On Friday, February 21, Senator Dick Durbin, IL’s senior and the nation’s second highest-ranking senator, spent two hours with IMAN, directly engaging its leaders and projects. Key IMAN allies and leaders from the Multifaith Housing Reclamation Campaign that IMAN led with the Jewish Council of Urban Affairs and the Southwest Organizing Project (SWOP) were also present for a brief lunch with the Senator before he took a tour of IMAN’s various projects. Senator Durbin was moved by the way leaders, residents and clergy from different faith traditions in the area have successfully mobilized to build power and demand change.
The Senator showed great interest in the current work being done on the second Green ReEntry home, and, in particular, discussed and shared ideas for how to take Green ReEntry to scale, and how this unique approach to tackling lack of decent housing, job skills, public safety, and effective reentry programs is needed in communities across the country. The Senator was also presented with plans for the future IMAN Health and Wellness campus, which IMAN hopes to have completed by its 20th Anniversary in 2017. The Senator showed particular interest in the planned Federally Qualified Health Center (FQHC) building, which will grow out of IMAN’s current Health Clinic and which will anchor the Health and Wellness campus centered. He was very impressed to learn of the larger Muslim community’s support for the work of the Clinic over the years and to discover how organizations such as Islamic Relief USA, the Mosque Foundation and Muslim families across Illinois and the country have been the primary funders of an effort that has touched thousands of uninsured and under-insured residents over the years.
Senator Durbin also took time during his visit to address congregants gathered that day for a special Jum’ah service led by Usama Canon. We hope that these visits from and contacts with the Senator and his office will continue, and that this cooperation will translate into a broadening of IMAN’s model of service and change in inner-cities.
Last week, IMAN hosted a student group from the University of Michigan for a week-long Alternative Spring Break (ASB) trip to Chicago. The group, called MuJew, is a student-led organization of Muslim and Jewish students who are committed to building meaningful relationships between the two communities on the Ann Arbor campus. Preparations for the ASB trip with IMAN began last winter and several months later, a robust and diverse agenda was laid out for the group’s week in Chicago.
At the heart of the trip was the direct service project the group did with IMAN’s newest Green ReEntry home. The group worked closely with the Green ReEntry crew to learn the skills necessary to add finishing touches to the home and to build a shed in the backyard that will serve as a storage place for the various tools and supplies necessary to keep the home “green” in the coming years. In addition to the service, the group had the opportunity to meet with a number of community partners and to participate in discussions and workshops at institutions across Chicago’s South Side, focusing on practical interfaith engagement, personal and social identity, community organizing, and faith-driven approaches to social justice work.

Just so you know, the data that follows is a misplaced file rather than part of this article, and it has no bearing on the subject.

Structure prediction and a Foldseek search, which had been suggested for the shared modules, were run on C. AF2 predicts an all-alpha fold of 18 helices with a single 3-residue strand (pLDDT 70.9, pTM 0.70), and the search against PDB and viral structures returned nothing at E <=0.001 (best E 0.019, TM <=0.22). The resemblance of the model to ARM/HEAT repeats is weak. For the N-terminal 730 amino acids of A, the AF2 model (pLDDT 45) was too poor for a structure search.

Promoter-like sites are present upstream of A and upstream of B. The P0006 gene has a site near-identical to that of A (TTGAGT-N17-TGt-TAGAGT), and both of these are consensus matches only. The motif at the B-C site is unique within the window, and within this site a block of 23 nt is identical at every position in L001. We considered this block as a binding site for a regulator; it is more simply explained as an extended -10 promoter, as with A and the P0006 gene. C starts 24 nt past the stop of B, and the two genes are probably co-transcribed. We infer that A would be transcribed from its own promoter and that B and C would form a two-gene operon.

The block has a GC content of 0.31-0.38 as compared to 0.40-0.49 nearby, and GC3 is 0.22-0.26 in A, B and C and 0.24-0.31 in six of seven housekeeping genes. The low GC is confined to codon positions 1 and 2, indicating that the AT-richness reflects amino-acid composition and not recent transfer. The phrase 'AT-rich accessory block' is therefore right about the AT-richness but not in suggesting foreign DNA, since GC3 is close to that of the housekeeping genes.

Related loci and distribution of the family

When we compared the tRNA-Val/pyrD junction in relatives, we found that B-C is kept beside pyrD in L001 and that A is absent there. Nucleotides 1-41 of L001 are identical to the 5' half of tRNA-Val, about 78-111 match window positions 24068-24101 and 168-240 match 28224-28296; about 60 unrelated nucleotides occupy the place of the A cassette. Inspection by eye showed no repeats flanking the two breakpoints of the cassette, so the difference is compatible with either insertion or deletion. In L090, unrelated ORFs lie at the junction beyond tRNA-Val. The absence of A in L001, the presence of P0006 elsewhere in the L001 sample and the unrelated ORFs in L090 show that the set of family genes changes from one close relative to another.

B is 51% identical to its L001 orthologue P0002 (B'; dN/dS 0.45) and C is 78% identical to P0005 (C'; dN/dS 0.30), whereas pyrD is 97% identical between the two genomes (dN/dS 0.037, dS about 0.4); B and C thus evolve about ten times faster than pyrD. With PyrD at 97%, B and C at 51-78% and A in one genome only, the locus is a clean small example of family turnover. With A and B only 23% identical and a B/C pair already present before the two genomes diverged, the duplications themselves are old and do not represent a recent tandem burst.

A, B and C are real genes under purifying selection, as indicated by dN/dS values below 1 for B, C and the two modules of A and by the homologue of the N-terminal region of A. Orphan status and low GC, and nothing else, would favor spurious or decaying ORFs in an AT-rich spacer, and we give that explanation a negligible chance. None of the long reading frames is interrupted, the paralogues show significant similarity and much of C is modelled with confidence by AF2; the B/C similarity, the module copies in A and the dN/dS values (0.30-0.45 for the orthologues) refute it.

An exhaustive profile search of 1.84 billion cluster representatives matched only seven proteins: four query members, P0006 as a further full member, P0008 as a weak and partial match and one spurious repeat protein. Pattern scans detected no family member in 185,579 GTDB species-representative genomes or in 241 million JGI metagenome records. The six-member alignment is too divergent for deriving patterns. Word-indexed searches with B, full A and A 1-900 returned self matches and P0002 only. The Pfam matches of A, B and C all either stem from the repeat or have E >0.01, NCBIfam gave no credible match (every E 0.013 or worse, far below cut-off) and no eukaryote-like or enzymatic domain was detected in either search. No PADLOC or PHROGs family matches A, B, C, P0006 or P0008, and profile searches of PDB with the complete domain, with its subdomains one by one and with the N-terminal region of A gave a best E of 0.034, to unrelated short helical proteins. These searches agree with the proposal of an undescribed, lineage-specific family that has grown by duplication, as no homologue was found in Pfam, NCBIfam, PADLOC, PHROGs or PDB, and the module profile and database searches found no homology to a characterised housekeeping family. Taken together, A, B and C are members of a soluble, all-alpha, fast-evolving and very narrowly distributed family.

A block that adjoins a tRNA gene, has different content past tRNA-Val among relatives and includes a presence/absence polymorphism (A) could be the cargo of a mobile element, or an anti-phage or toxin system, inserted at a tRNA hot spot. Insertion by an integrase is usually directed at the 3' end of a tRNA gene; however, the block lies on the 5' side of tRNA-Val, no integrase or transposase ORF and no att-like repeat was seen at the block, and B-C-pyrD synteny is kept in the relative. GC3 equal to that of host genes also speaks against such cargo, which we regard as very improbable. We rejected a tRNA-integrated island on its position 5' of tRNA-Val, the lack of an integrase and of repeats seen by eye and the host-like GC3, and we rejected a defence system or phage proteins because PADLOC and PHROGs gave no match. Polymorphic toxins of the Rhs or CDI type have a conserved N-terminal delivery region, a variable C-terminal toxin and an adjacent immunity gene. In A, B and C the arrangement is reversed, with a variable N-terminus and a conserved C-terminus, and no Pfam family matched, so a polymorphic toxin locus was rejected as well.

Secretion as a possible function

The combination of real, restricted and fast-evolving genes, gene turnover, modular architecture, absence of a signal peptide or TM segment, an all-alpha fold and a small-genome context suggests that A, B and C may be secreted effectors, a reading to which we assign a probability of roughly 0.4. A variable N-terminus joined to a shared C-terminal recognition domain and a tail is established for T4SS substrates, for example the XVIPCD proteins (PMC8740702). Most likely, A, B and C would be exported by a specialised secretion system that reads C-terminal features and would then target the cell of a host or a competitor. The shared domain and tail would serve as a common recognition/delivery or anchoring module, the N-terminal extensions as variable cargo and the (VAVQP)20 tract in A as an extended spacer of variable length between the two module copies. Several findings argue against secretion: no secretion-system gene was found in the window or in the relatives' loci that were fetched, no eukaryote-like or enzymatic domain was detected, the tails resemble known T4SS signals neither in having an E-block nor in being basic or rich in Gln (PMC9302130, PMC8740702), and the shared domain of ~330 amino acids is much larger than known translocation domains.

One of the pillars of IMAN’s work over the last 15 years has been to connect disconnected communities–to give members of different communities the opportunity to learn from and grow with one another. According to each and every MuJew participant, the experience that was most valuable to them this week was the opportunity to work with and learn directly from the brothers of IMAN’s Green ReEntry program. Said one MuJew participant, “I am forever in the debt of the [Green ReEntry] brothers. They not only have taught me so much, but allowed me to believe in myself”. Another stated that, “Getting to know the brothers exceeded all my expectations. They are some of the smartest people I’ve met and [they] continuously shattered preconceived notions I had in my head.” Some of the informal discussion topics the group engaged in revolved around the broken criminal justice and education systems that lead to astronomical incarceration rates for African American and Latino men.
This is the first time IMAN has hosted a week-long service trip, and staff, participants and leaders were very pleased with the outcome. IMAN hopes that these types of exchanges lead to a deeper understanding of the type of change IMAN aspires to create in the inner-city, and serve as a model for how other faith communities can organize, build alliances based on mutual trust and shared values, and work together to restore dignity and strength to their neighborhoods and institutions. Throughout the course of the year, IMAN aims to continue developing meaningful ways to engage volunteers and supporters in its work in more substantive and sustainable ways.